A good contract manager always has one eye on commercial outcomes. It’s important to mitigate risk in contractual terms, but contracts are there to create relationships and deliver on promises between partners - they’re a key growth lever for the company, so a contract manager should always be looking to ‘grease the wheels’ and make sure nothing blocks this growth.
In practice, this means striving for continual improvement in the contract process, as well as adjusting terms and contract design to optimise for signing. Automation is a key step in creating a contract management process; by creating a self-serve contract workflow, contract managers can focus on outcomes and worry less about each individual document.
Here’s how the automated process for contract managers looks at each stage:
- Create: users generate contracts from automated templates defined by legal. Contract managers might set up a conversational, natural language Q&A to make this process even easier
- Collaborate: users collaborate internally on contract edits, in-browser, using features like @mentions to collaborate quickly with colleagues and get approvals
- Negotiate: users and counterparties negotiate and redline their contracts in-browser in the sidebar, creating an easy-to-follow audit trail of who changed what, when
- Sign: parties eSign securely on any device - even mobile. No more wet signatures. Upon signature, each party is emailed a PDF version of the contract
Once the contract is signed, post-signature features come into play:
- Analytics: contract managers can see which contracts take longest to sign, which users are becoming bottlenecks, and how contract volumes are changing over time
- Reminders: contract managers can set custom renewal reminders, to alert them (or anyone they choose) ahead of a contract renewing or expiring - no more surprises
- Table views: contract managers can use custom table views to arrange, filter and browse their contracts. Kanban views like this one are popular for tracking progress:
With an automated workflow, contract managers can balance speed and efficiency with risk mitigation, and achieve the best outcome for the business when it comes to legal documentation.
How to become a contract manager
There are various routes to take if you’re interested in becoming a contract manager. If you’ve studied law and gone down the paralegal or legal executive routes, then finding a role in a small legal team that’s struggling with contract volume shouldn’t be too hard - check out our curated jobs board to get started.
On the other hand, if you’re coming from a non-legal background, then a role in operations or procurement is probably the fastest route to working with contracts every day. You can also play around with a free Juro account to familiarize yourself with creating, organizing and managing contracts at scale.
Contract manager jobs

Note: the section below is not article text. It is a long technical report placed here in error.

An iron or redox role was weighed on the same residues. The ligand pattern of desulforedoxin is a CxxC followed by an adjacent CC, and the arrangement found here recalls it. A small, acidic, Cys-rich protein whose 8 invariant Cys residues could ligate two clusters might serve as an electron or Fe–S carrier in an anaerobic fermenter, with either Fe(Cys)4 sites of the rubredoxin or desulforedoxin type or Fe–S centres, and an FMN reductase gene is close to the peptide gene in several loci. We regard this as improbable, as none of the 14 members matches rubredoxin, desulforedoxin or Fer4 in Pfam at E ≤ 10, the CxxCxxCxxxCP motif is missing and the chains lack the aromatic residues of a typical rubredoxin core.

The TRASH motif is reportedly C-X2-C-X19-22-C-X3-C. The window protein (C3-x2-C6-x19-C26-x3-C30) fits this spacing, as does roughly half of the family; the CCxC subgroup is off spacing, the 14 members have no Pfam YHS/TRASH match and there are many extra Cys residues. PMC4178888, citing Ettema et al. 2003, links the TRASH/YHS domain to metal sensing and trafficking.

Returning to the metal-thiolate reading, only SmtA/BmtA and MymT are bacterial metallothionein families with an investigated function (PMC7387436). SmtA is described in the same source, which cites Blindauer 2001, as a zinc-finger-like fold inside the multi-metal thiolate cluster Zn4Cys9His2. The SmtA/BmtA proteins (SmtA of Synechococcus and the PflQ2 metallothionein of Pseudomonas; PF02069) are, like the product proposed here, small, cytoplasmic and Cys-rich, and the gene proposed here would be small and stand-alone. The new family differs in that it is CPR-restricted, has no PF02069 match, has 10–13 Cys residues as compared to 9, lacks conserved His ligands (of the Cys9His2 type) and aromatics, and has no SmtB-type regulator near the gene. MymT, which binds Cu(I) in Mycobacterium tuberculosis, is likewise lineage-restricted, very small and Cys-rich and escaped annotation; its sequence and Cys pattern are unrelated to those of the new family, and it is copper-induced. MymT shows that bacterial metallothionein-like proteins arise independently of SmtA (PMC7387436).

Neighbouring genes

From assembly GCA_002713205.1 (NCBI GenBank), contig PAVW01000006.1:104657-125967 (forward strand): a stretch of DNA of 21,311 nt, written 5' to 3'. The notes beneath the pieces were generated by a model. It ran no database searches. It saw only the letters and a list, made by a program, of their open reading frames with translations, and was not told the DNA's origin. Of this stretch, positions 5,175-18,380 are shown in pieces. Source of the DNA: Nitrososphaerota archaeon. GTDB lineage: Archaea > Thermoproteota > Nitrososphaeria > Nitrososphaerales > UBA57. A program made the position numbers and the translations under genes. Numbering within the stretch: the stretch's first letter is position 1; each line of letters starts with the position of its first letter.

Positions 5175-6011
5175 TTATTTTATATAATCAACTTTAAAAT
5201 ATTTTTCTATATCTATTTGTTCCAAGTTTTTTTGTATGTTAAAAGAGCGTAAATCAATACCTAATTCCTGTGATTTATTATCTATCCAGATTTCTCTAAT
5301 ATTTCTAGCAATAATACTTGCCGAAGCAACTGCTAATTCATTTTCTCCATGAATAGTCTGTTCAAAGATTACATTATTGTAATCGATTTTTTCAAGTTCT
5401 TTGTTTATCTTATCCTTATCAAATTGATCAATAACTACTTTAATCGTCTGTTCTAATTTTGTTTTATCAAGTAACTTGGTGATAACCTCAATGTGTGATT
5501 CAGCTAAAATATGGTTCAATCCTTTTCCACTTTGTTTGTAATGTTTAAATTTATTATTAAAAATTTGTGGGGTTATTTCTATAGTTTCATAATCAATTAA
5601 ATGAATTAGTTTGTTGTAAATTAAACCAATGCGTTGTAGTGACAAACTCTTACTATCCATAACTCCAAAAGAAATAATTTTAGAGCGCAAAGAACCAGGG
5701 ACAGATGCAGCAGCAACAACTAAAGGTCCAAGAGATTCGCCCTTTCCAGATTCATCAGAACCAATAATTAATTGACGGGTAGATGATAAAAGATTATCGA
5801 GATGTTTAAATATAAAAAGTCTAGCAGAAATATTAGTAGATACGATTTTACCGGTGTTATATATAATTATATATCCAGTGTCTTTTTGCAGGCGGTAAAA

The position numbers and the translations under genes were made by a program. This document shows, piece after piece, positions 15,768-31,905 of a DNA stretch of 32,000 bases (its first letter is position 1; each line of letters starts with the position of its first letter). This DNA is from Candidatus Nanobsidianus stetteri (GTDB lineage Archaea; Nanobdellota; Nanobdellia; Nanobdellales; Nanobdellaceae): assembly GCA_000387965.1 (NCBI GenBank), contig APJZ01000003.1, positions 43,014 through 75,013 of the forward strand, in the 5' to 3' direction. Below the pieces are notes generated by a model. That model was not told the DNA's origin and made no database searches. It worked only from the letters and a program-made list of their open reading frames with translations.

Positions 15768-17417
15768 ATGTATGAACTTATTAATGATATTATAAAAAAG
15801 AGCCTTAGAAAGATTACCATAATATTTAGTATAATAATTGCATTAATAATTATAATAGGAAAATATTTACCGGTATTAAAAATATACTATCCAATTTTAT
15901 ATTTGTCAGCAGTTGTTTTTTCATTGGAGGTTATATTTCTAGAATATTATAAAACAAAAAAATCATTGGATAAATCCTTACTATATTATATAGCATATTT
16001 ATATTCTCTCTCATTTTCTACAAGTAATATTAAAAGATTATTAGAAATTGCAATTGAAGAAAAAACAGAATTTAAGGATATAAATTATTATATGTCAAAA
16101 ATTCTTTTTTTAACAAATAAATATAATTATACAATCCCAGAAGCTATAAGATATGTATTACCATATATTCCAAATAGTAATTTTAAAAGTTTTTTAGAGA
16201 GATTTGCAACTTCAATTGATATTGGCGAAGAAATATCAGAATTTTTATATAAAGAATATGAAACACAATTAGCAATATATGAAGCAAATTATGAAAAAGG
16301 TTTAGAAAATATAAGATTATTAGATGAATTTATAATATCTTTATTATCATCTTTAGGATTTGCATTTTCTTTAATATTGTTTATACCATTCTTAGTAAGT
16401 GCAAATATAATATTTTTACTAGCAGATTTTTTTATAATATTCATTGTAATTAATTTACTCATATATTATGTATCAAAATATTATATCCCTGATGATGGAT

Contract manager salary
Salary.com suggests a typical salary range for contract managers to be $70,869 to $90,071, with variations depending on factors like the company in question, educational level and qualifications required, location, industry, and so on. You can benchmark contract manager salary figures further here.
Contract manager responsibilities
Contract manager job descriptions typically detail responsibilities that include things like:
- Reviewing customer contract terms and conditions to balance risk appetite with commercial objectives
- Working on the preparation, submission and review of tenders
- Drafting and reviewing terms for standard forms like NDAs, MOUs, partnership agreements, and so on
- Managing or helping to manage subcontractor and vendor relationships
- Assessing commercial aspects of new contractual activity to identify associated risks and benefits
- Supporting contract negotiations
- Analysing both new and existing contracts with customers, suppliers and partners to ensure that content is commercially and legally sound and maximises commercial benefits to the business
- Obtaining approval for non-standard terms in accordance with agreed approval matrices
- Developing, delivering, and maintaining effective commercial methods, processes, and operational procedures to ensure contracts are managed in line with internal and external compliance standards, including ISO and GDPR and other applicable laws
The specific responsibilities of the role will vary depending on the company in question and the contracts it usually manages.
Does my team need a contract manager?
Lean legal teams at small, but fast-growing companies often struggle to get approval for new headcount in the early stages. It can be hard to persuade CFOs to invest in another lawyer for the same cost as perhaps two salespeople or software engineers.
Contract managers can help in the short term, but if the company’s response to increasing contract volumes is to hire a person to manage them manually, this won’t scale when contract volumes keep growing - you’ll need to keep adding headcount to perform increasingly administrative work.
Instead, forward-thinking legal teams in high-growth businesses often look to contract automation to do the heavy lifting: the legal team invests time in creating self-serve templates, and then salespeople, HR teams or whoever is reliant on the contracts in question can self-serve on their key documents and move quickly, without the legal team becoming a blocker to growth.
If this problem sounds familiar, and you’re interested in learning more about how you can improve contract management processes through automation, hit the button below to get in touch and find out more.